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Chemokine pathways in cutaneous melanoma: their modulation by cancer and exploitation by the clinician

Adams, Rebecca, Moser, Bernhard, Karagiannis, Sophia N. and Lacy, Katie E. 2021. Chemokine pathways in cutaneous melanoma: their modulation by cancer and exploitation by the clinician. Cancers 13 (22) , 5625. 10.3390/cancers13225625

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Abstract

The incidence of cutaneous malignant melanoma is rising globally and is projected to continue to rise. Advances in immunotherapy over the last decade have demonstrated that manipulation of the immune cell compartment of tumours is a valuable weapon in the arsenal against cancer; however, limitations to treatment still exist. Cutaneous melanoma lesions feature a dense cell infiltrate, coordinated by chemokines, which control the positioning of all immune cells. Melanomas are able to use chemokine pathways to preferentially recruit cells, which aid their growth, survival, invasion and metastasis, and which enhance their ability to evade anticancer immune responses. Aside from this, chemokine signalling can directly influence angiogenesis, invasion, lymph node, and distal metastases, including epithelial to mesenchymal transition-like processes and transendothelial migration. Understanding the interplay of chemokines, cancer cells, and immune cells may uncover future avenues for melanoma therapy, namely: identifying biomarkers for patient stratification, augmenting the effect of current and emerging therapies, and designing specific treatments to target chemokine pathways, with the aim to reduce melanoma pathogenicity, metastatic potential, and enhance immune cell-mediated cancer killing. The chemokine network may provide selective and specific targets that, if included in current therapeutic regimens, harbour potential to improve outcomes for patients.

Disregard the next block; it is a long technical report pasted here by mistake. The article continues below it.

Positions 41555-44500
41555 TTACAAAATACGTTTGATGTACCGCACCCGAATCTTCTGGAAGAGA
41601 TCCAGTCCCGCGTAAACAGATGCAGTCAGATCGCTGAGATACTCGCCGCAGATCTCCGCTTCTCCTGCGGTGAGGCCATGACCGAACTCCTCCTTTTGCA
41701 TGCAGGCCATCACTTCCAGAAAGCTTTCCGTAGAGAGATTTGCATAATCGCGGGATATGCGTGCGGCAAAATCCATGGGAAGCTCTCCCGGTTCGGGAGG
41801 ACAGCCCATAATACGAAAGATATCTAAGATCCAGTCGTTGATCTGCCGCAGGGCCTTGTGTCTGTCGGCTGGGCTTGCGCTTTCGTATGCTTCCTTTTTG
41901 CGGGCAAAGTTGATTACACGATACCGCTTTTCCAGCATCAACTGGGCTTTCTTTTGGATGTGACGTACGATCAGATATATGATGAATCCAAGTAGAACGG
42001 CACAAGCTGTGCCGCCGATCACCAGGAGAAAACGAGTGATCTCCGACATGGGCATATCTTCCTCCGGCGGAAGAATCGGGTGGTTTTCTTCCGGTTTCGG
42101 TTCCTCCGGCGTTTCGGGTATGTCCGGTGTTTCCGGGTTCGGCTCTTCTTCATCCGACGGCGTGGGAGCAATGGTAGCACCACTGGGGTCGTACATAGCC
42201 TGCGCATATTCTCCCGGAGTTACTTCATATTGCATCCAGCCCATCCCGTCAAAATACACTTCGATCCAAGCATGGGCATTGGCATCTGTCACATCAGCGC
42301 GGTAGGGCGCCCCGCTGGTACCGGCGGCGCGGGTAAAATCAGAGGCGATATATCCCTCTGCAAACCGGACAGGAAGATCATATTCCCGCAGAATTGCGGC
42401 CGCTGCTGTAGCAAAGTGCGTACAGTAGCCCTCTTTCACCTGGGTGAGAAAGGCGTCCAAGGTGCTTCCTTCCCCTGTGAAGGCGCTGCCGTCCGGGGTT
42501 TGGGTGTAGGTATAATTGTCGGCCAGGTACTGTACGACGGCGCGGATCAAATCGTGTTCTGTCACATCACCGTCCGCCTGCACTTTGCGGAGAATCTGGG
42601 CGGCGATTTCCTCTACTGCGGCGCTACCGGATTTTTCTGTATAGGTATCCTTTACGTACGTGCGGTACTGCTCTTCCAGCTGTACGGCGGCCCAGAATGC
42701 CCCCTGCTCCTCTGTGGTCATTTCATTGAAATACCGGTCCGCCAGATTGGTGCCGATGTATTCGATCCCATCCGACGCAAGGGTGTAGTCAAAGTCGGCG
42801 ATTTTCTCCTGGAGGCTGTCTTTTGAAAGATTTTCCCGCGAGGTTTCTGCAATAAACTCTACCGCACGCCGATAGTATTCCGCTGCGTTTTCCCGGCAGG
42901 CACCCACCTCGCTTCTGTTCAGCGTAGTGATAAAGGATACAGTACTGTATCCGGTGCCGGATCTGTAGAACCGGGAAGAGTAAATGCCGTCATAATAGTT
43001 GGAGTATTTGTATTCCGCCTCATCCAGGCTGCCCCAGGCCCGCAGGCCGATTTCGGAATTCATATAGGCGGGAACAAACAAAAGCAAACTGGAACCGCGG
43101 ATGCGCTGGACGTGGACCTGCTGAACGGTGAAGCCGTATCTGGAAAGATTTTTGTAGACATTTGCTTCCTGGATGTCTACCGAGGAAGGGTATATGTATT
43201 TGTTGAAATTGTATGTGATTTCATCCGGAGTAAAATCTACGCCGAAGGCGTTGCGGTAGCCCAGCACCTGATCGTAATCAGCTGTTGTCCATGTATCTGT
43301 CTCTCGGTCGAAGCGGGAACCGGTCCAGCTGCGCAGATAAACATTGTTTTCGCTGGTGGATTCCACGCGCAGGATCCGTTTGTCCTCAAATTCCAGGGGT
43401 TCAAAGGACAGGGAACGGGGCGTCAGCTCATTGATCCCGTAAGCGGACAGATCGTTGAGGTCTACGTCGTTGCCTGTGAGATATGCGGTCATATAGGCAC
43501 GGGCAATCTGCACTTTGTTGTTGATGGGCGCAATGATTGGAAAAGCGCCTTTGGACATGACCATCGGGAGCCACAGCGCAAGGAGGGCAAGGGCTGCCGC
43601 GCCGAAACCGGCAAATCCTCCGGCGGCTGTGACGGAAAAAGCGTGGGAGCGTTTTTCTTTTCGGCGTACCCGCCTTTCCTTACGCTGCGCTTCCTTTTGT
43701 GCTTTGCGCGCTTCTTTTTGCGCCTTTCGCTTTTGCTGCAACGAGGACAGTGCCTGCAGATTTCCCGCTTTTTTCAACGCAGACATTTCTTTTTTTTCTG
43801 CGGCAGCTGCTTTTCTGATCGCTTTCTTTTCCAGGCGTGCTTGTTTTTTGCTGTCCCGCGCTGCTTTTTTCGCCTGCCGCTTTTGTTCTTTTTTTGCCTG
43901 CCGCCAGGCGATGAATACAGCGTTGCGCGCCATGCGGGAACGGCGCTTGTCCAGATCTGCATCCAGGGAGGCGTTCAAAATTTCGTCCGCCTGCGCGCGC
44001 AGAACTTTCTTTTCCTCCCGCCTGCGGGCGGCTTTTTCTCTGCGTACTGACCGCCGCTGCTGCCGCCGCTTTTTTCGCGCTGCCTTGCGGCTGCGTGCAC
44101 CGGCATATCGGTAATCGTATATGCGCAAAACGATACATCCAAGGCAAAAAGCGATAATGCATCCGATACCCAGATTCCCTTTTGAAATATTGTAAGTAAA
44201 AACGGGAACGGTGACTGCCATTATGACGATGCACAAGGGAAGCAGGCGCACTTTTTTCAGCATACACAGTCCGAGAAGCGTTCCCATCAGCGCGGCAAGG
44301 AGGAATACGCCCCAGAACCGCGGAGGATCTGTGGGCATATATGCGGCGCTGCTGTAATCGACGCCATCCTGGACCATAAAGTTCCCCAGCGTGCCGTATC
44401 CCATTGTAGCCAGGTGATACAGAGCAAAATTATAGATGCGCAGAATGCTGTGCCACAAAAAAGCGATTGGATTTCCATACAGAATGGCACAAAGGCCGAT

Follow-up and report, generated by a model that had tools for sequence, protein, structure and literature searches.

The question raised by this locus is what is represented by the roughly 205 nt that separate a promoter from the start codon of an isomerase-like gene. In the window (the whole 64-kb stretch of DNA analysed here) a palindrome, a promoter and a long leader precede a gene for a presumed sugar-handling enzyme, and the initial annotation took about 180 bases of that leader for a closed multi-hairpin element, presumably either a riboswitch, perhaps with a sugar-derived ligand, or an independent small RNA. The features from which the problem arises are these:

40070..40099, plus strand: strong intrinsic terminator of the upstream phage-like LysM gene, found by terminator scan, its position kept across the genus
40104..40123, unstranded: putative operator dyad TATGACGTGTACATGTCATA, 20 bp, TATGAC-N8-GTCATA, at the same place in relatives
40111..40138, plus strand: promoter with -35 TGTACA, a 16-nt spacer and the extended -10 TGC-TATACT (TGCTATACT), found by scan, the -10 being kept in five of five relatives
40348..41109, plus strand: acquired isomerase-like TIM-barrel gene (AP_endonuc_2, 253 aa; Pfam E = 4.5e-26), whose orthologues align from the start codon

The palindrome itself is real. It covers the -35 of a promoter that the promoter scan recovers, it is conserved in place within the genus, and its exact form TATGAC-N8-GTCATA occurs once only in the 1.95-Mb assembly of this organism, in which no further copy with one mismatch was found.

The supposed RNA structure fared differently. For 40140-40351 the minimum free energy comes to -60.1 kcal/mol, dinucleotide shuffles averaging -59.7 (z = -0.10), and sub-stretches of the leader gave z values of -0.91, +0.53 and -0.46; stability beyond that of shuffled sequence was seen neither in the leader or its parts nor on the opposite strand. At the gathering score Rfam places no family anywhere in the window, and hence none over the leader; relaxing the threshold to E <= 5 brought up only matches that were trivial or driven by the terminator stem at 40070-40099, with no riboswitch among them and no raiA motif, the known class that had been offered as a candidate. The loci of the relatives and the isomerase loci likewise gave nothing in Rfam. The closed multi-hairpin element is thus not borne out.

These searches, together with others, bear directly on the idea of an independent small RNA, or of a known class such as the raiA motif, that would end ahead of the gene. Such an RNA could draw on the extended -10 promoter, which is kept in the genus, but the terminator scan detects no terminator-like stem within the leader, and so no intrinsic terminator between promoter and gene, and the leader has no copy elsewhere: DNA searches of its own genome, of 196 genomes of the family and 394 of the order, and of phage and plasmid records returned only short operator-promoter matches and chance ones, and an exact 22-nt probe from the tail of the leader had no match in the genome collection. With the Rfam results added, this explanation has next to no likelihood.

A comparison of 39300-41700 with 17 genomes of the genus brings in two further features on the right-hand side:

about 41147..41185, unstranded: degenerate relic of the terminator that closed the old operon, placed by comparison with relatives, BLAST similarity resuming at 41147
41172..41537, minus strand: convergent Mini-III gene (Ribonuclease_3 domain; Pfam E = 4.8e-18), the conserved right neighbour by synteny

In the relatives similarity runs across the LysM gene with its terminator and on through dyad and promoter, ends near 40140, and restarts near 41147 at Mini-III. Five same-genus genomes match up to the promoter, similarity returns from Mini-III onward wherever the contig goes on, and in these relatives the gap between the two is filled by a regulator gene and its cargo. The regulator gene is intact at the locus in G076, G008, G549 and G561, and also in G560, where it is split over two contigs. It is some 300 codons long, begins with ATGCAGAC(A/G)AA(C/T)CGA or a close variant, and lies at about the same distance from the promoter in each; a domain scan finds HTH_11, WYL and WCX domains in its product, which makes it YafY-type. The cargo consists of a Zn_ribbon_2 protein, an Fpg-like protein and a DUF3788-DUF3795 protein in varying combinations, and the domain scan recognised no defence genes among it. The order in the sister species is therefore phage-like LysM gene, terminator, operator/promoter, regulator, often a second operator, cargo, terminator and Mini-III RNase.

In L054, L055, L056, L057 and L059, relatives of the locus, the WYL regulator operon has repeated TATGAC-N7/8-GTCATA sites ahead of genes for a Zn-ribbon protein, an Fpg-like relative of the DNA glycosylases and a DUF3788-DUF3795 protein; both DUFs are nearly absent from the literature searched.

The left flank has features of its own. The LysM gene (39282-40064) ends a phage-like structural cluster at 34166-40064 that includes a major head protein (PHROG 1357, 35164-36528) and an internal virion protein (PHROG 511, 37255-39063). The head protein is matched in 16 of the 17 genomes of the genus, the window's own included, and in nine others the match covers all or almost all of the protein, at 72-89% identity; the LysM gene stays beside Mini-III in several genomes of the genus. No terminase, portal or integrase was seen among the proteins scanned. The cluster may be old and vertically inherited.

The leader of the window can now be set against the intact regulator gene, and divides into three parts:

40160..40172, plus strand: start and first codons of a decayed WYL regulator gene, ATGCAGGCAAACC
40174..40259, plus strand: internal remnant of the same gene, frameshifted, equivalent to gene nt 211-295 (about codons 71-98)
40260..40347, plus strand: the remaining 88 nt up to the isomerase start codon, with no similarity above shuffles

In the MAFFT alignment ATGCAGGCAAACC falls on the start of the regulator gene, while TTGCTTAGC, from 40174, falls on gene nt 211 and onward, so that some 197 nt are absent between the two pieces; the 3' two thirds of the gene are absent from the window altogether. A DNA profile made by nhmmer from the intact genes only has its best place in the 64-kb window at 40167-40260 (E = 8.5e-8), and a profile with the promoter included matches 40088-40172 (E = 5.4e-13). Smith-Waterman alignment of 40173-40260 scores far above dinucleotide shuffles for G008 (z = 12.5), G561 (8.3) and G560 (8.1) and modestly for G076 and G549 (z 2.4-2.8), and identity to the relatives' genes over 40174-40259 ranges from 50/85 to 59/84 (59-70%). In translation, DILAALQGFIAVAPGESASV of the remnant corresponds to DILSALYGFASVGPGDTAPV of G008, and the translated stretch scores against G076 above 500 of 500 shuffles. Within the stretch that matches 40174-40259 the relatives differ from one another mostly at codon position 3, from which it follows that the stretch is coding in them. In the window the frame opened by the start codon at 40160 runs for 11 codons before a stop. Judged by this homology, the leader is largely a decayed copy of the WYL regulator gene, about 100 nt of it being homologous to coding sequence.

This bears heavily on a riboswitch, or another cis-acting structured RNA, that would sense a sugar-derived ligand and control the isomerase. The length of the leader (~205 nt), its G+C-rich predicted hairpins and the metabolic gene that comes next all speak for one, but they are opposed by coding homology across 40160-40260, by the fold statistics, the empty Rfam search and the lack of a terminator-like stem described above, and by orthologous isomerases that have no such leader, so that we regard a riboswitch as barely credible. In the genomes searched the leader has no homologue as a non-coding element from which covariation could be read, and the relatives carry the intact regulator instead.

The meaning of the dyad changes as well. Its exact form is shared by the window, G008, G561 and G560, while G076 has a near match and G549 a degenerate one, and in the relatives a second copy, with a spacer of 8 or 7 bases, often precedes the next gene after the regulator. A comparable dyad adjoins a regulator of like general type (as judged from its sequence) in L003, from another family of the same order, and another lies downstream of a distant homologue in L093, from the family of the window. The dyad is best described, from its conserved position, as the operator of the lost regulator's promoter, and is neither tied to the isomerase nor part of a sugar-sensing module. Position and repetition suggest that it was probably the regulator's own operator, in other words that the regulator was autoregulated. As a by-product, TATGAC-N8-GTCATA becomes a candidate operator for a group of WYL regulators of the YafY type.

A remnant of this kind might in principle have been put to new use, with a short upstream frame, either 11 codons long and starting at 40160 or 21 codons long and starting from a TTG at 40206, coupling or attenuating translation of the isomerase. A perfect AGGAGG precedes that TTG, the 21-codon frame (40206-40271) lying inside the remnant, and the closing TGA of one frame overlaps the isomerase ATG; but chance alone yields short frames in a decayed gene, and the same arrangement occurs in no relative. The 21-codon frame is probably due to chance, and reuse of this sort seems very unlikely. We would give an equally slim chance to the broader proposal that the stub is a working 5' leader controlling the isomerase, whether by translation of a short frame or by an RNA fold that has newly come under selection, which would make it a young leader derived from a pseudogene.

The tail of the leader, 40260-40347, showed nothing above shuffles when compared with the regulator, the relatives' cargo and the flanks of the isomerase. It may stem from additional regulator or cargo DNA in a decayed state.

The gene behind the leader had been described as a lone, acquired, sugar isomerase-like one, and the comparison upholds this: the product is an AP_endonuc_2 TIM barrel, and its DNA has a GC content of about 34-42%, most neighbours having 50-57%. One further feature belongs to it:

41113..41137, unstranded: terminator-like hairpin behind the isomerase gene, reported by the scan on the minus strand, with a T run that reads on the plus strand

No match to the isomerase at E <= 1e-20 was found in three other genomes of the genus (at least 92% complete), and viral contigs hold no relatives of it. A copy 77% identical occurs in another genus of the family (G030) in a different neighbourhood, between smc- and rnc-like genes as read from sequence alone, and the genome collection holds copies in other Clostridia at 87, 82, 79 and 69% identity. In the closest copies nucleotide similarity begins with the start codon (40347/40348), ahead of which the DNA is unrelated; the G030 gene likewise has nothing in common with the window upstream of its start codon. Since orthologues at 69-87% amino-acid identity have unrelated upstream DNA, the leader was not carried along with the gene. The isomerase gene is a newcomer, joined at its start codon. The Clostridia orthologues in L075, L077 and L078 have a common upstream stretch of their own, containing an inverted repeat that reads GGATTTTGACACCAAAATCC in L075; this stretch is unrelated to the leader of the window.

Item Type: Article
Date Type: Publication
Status: Published
Schools: Medicine
Publisher: MDPI
ISSN: 2072-6694
Date of First Compliant Deposit: 26 January 2022
Date of Acceptance: 6 November 2021
Last Modified: 01 Feb 2022 14:15
URI: https://orca.cardiff.ac.uk/id/eprint/146963

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